To Jews and Christians, Moses was the author of the first five books of the Bible, also known as the Torah. But an Israeli computer science professor is trying to prove that several different people actually wrote them together. Working with a team of collaborators, including his son, Tel Aviv University’s Nachum Dershowitz developed computer software that searches a text for hints like word preference—using “said” instead of “spoke,” for example—to divide it up according to how many people probably helped write it.
To test out the algorithm and make sure it was working, the team deliberately mixed up passages from the two Hebrew books of Jeremiah and Ezekiel, then had the computer separate them. It did so with 99 per cent accuracy. The software still can’t decipher exactly how many people worked to write the Bible, but it can flag transition points, where one voice shifts to the next.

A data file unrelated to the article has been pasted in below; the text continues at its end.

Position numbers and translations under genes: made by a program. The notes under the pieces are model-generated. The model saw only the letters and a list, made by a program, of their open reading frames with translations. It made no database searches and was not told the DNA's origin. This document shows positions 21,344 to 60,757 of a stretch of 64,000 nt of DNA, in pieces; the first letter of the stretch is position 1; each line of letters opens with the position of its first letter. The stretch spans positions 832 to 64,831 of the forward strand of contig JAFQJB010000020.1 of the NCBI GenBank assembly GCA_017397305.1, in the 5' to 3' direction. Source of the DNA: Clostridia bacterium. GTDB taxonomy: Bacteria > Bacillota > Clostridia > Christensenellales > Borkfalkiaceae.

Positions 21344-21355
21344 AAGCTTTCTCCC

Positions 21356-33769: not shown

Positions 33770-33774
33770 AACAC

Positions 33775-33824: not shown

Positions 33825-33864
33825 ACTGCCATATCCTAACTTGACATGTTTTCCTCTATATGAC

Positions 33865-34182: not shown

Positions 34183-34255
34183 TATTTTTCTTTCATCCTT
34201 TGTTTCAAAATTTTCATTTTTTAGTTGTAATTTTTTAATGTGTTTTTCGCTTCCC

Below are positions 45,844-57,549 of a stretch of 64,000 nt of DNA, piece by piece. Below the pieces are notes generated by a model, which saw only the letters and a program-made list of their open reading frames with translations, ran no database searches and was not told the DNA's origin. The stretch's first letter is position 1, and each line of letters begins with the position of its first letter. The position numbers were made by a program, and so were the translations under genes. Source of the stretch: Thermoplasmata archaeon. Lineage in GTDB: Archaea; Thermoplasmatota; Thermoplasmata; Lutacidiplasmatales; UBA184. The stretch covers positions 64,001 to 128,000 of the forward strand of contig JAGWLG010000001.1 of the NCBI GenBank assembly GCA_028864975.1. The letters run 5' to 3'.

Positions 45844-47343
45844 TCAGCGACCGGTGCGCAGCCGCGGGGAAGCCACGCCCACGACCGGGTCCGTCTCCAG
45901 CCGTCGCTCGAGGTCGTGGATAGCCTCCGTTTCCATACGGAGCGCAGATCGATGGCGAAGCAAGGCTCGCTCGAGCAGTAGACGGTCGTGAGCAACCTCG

Experts say the algorithm could have all sorts of applications, such as shedding new light on other mysterious or very old writings, like the nature of Shakespeare’s collaborations, for example. Dershowitz said that providing new detail to Biblical scholarship was gratifying in and of itself.